There is a lot more to say on this topic. The evidence that certain types of companies do get punished for failing to be socially responsible is especially interesting. I see a fair degree of cynicism applied to the ESG stance adopted by the Australia banks but I suspect they are a good example of the type of company that will in fact benefit from making real investments in socially responsible business strategies.

Tony – From the Outside

Costco capitalism

I came across this blog post by Bryan Lehrer titled “Costco Capitalism” which I think offers an interesting variation on the discussion of companies seeking to do good, or even better, to “be” good.

It poses two questions:

  • whether some companies are built on “structurally fair” foundations that make it easier for them to be perceived as “good” or “fair” companies; and
  • what exactly does it mean to be an “ethical” company

This extract will give you a flavour of the author’s analysis of the Costco business model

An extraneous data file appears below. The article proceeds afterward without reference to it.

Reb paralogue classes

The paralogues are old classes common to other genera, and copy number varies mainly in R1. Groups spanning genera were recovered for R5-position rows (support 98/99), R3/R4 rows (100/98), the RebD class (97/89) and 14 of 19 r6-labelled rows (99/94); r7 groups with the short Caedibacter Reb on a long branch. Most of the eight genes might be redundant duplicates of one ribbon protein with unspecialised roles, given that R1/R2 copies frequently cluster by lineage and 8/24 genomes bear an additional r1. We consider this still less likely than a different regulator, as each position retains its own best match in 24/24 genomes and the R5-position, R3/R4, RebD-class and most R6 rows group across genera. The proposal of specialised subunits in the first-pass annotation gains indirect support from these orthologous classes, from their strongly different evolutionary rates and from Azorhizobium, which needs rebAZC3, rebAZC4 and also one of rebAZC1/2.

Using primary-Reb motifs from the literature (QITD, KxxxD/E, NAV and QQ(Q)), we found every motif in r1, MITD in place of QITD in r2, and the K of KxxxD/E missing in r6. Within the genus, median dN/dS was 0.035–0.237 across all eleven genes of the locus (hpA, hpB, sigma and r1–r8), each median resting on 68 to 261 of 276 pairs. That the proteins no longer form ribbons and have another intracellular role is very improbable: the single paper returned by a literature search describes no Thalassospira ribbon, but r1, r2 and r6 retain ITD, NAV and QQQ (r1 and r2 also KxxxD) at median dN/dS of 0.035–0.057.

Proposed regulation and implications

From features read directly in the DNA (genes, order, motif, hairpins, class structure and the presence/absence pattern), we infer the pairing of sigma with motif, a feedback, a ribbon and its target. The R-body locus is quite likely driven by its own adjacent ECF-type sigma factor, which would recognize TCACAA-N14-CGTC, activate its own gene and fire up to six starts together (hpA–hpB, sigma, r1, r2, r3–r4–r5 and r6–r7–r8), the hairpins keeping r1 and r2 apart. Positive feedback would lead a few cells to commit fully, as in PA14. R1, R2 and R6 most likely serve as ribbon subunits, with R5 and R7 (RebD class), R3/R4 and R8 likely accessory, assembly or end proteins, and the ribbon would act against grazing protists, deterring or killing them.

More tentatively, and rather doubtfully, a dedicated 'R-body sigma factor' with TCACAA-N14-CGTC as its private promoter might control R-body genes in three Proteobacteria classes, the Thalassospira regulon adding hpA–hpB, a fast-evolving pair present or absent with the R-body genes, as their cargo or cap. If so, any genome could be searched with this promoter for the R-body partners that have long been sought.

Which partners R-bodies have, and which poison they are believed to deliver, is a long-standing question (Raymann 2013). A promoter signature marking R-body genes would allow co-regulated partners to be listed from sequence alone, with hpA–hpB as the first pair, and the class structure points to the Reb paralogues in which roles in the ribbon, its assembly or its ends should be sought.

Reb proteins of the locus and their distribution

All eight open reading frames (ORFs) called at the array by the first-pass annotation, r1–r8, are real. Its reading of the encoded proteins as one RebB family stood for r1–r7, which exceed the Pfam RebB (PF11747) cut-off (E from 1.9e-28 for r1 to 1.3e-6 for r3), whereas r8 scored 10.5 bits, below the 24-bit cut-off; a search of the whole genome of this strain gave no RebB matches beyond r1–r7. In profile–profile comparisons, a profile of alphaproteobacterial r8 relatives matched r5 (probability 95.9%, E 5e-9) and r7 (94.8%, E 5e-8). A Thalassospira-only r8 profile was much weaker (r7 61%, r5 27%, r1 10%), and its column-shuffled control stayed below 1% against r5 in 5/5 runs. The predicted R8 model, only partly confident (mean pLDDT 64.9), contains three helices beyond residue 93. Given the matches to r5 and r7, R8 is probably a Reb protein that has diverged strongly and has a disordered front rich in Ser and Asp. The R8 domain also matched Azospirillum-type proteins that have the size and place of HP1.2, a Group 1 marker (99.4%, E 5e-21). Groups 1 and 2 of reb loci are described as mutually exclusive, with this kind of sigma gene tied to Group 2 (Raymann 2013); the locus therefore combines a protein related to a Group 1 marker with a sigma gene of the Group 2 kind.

Sustainable Capitalism? – What Costco shows us about the blurry relationship between ethical and fair

Costco shows that … simply providing your customers the feeling that they aren’t getting ripped off, and doing so in a way that matches mainstream views of acceptable externalities, is all that is required for success. If this sounds reductive, it’s because it is. The key to Costco’s success is just how straightforward the alignment of stakeholders within its business model are.

That being said, there are externalities associated with Costco’s business model, even if they aren’t viewed by the mainstream as such. The main thing here is a retail model that promotes rampant consumption, and the fallout from this which includes broad waste and sustainability concerns. Interestingly, because of Costco’s large purchasing power, dominance over its supply chains, and upper-middle class income of its shoppers, it generally has more progressive product standards than other retail brands in comparable price tiers.

Costco Capitalism, Bryan Lehrer

Lehrer argues that the foundation is to provide customers with “the feeling that they aren’t getting ripped off thereby building that elusive intangible asset of Trust that many companies routinely include in their statement of corporate values (e.g. “a Trusted Partner”). However, equally important is that the company can do this “in a way that matches mainstream views of acceptable externalities.